Robert, a spider salessman, talks about the ins and outs of spider combat for sport.

by Norman Isaac

“The spiders come from different provinces―as far as Iloilo, Cebu, Masbate,” lanky 20-year old Robert says in Filipino. He sells spiders to school kids for five to fifteen pesos apiece.

“This is for amusement and for fun only,” he stresses. “But sometimes there are buyers who use these spiders for sports or combat fighting, like cockfighting,” he explains. Bets can reach thousands of pesos, he adds, while arranging the spiders inside the ‘karang’ or rectangular box partitioned one inch by one inch square to house individual spiders, with a clear glass cover.

Spider aficionados categorize spiders by their environment: house spiders, grass spiders, tree spiders, wire spiders, and the like. Summer season is the peak season to catch spiders. They can fetch from PhP 5 to PhP 250 each, depending on their size: small, large, extra-large, or oversized.

Robert explains further the art of spider combat. It depends on the agreement between the owners of the spider-fighters. There can be two out of three knockdowns from the ‘sagradas’, two to three feet of thin wooden stick, where the combatants try to knock each other down, landing on the ground or hanging in the air.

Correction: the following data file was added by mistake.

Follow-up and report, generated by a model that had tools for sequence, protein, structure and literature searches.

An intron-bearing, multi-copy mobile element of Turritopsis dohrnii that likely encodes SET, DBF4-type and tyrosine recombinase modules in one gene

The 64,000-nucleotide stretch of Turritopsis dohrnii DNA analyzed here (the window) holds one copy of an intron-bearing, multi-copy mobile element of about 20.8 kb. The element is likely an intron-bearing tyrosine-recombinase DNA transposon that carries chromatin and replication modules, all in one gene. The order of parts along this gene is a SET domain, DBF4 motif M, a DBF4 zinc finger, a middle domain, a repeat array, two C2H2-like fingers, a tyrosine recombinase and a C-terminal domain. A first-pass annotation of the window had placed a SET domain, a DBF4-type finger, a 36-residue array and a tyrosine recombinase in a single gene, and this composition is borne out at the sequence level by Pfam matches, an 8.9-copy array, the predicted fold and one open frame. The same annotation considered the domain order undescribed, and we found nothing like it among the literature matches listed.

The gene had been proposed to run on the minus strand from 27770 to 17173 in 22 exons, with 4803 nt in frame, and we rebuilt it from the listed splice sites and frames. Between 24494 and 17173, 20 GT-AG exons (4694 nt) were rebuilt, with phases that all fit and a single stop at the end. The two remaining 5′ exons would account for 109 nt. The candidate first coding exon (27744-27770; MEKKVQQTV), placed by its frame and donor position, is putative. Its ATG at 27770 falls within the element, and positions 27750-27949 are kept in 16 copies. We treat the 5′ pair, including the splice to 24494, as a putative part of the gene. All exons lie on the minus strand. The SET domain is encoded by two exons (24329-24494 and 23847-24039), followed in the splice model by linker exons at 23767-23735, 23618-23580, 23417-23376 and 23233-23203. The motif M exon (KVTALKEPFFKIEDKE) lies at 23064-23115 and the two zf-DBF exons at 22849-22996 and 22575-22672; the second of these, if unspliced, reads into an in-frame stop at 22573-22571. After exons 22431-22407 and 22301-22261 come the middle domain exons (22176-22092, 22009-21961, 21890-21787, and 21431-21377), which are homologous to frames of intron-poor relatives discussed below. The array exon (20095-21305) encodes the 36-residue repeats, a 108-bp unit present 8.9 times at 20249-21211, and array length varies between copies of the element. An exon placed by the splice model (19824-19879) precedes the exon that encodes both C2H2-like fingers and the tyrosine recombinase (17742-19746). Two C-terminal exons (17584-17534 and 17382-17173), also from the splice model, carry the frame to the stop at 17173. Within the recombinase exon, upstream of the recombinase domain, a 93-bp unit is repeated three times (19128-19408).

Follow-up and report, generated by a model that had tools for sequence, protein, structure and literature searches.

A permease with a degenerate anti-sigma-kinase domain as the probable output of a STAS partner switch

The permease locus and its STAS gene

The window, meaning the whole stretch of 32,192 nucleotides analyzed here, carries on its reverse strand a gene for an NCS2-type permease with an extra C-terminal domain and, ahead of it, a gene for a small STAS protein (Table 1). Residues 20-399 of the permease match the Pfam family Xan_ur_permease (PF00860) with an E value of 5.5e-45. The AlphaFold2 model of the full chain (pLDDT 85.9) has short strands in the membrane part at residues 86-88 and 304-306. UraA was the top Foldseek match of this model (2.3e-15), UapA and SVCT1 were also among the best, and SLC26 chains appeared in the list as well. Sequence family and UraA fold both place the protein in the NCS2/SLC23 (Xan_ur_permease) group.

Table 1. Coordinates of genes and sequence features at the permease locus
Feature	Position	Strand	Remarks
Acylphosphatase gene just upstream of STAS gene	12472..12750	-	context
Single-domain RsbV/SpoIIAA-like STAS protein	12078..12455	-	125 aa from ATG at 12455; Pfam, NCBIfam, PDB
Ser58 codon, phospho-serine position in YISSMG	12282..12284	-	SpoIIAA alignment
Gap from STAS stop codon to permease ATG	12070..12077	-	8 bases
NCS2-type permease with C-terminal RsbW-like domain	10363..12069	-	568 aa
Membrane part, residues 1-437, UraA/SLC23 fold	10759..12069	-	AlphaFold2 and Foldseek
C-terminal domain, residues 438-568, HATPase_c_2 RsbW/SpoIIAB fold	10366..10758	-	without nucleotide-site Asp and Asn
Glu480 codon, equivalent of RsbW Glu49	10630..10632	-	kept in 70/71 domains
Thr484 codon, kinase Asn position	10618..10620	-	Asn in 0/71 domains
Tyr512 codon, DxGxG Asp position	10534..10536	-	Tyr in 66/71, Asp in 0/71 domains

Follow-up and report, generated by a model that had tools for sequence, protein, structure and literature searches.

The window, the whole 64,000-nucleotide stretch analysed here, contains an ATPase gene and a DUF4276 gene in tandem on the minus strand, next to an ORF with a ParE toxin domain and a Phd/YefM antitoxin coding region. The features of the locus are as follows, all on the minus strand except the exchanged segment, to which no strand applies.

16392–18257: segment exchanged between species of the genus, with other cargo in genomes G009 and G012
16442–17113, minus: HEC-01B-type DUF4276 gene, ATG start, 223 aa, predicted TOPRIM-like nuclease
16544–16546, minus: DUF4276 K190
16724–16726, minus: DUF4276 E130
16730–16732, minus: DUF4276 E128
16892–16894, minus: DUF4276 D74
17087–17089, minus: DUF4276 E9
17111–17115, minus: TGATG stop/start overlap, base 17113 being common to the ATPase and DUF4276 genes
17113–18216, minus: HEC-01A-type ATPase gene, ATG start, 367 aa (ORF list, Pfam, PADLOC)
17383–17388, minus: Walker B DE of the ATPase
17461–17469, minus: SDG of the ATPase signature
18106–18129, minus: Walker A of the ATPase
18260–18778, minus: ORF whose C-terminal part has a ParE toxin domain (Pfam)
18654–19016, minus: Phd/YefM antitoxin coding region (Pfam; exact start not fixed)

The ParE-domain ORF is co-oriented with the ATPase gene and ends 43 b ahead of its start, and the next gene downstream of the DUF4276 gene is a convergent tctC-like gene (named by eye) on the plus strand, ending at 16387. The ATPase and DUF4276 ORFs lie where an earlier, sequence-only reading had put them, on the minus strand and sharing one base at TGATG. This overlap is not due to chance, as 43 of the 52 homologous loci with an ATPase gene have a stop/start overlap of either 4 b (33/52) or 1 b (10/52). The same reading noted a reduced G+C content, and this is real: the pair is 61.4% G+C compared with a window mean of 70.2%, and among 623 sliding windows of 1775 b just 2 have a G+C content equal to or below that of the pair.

It only takes two minutes on the average to declare a winner. Sometimes the fight is over in seconds! When one spider totally wraps its foe with its silken thread it is called ‘saputan’ or ’fishball’. That’s spider combat’s jargon for the uninitiated. The victor and the vanquished are visibly clear.

Interestingly, classification by provinces puts Iloilo, Masbate, and the Southern Tagalog provinces in the top three sources of the spider fighters. “By the way, there are also imported ones from Japan and Saudi Arabia,” Robert adds.

Before combat, the fighters are measured by a stick with a paddle-like end. “We just blow gently to keep them still so we can measure them accurately; like in boxing, there are weight divisions. Here, we have length or height divisions,” Robert says. Some owners blow smoke in their spiders’ faces before the bout to make it angry, ferocious, and combat-ready, he adds.

Enthusiastic school kids are lining up at the street corner to buy Robert’s spiders, carefully putting them inside empty matchboxes. With a capital of ₱400, he hopes to take home a neat ₱800―not bad for a day’s work.

But the barangay tanod puts a damper on his brisk business, shooing him away with a rattan stick. So the Spiderman swings to another street corner, under the scorching sun.

This story appeared in Animal Scene’s April 2015 issue.